Costs for Roof Heating Cable Installation, Materials & Electricity Usage
Last Updated: October 02, 2023
Reviewed By: Ryan Maguire
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When snow begins to melt on the roof due to escaping heat from the attic, it often refreezes upon reaching the eaves, which are cooler than the rest of the roof. Ice accumulation on the eaves eventually results in an "ice dam" that can deform roofing and gutters and cause meltwater to pool behind the dam. The possible consequences of this backed up water include not only roof damage, but also exterior and interior wall, ceiling, floor, and insulation damage.
One way to prevent ice dams is to install roof heating cables, also known as deicing cables or roof heat tape. They're relatively inexpensive to install, especially compared to the cost of cleaning up the destruction wrought by ice and water.
Roof Heating Cable Average Costs #
The roof heating system itself costs $200 to $800 depending on the coverage area needed and type of heating cables used.
Basic Installation Costs:
- Heating cable: $1 - $5 per linear foot
- Thermostat controller: $100 - $200
- Electrical wiring: $2 - $4 per linear foot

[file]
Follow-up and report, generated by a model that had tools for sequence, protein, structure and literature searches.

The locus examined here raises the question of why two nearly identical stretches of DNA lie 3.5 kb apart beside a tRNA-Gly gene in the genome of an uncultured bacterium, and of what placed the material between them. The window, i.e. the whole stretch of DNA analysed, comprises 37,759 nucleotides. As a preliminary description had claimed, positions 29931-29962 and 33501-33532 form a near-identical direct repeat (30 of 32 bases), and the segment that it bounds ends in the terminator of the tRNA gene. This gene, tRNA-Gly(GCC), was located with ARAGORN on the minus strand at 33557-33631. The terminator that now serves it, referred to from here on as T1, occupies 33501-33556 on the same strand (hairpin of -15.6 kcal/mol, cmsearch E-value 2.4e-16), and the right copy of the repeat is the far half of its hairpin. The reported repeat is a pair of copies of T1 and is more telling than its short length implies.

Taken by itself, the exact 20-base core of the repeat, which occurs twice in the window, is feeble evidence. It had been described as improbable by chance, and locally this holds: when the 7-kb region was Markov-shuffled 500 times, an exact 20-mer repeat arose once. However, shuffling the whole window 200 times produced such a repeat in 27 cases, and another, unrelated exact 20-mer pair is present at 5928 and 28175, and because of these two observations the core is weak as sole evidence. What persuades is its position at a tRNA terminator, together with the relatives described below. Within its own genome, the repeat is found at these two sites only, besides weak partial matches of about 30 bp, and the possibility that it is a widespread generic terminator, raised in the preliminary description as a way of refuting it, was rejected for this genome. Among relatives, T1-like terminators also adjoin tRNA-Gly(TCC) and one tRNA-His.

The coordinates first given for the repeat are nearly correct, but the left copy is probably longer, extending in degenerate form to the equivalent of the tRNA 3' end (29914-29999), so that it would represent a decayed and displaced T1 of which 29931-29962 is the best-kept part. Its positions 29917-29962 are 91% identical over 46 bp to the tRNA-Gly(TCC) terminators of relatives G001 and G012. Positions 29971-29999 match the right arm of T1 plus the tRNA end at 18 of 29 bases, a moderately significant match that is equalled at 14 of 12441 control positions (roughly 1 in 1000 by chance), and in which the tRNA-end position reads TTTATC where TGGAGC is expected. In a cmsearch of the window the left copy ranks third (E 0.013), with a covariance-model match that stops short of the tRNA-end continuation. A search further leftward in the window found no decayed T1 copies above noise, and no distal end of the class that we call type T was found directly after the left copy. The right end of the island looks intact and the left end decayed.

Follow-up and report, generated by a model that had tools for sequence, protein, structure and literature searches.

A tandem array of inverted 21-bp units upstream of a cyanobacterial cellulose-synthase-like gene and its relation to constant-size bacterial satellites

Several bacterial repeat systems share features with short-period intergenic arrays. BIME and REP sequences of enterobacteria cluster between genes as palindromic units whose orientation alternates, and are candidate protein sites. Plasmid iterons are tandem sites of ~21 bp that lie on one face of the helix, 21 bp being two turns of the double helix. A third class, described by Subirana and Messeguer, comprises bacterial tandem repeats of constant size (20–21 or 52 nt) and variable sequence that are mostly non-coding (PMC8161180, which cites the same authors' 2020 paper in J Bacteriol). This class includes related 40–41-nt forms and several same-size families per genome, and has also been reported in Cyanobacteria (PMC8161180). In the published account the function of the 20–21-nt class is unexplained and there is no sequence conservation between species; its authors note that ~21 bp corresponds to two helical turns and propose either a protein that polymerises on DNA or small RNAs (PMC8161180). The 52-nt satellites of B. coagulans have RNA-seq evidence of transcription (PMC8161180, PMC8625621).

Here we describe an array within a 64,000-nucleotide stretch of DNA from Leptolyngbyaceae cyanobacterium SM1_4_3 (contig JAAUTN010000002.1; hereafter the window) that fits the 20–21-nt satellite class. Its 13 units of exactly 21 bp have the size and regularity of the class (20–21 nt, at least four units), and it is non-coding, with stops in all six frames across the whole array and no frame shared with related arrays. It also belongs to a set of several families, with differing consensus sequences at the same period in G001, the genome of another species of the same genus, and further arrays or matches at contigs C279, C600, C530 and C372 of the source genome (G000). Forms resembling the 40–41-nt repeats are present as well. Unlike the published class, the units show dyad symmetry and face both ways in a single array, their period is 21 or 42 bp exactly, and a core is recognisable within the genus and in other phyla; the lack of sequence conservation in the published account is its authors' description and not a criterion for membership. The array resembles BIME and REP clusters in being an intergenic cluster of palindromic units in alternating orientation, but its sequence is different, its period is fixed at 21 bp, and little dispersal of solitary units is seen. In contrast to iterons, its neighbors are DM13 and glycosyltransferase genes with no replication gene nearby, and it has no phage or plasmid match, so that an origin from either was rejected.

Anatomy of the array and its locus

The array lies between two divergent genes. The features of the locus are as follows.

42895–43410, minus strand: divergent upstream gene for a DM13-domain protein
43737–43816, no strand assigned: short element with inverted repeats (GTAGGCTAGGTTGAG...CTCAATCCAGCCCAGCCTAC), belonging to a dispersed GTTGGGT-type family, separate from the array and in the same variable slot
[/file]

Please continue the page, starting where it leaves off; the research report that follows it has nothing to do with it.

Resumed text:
- Clips/fasteners: $0.50 - $1 per clip
- Labor: $50 - $100 per hour
For a simple ranch-style home roof of 1,500 sq ft:
- Heating cable for eaves/overhangs: $400
- Controller and wiring: $350
- Clips and fasteners: $200
- Labor: $500
- Total cost: $1,450
On a larger two-story home of 3,000 sq ft:
- Cable for roof perimeter and valleys: $1,200
- Controller, wiring, conduit: $800
- Clips and attachments: $400
- Labor: $1,000
- Total cost: $3,400
- Removal of old roofing materials if a re-roof: $2,000 - $4,000
- Specialty non-penetrating mounting clips: $2 - $4 per clip
- Improved insulation for better efficiency: $1,500 - $3,000
The total costs for professionally installing an electric roof heating system typically ranges from $1,500 to $5,000+ depending on the roof size, layout, and complexity. DIY installation can save on labor but has risks.
Roof Heating Cable Installation Cost Examples #
A homeowner in Minnesota paid $1,850 to have roof heating cable installed on their 1,500 sq ft ranch-style home. This included 350 linear feet of self-regulating cable on the roof edges and downspouts, a controller, wiring, and clips to attach the cable.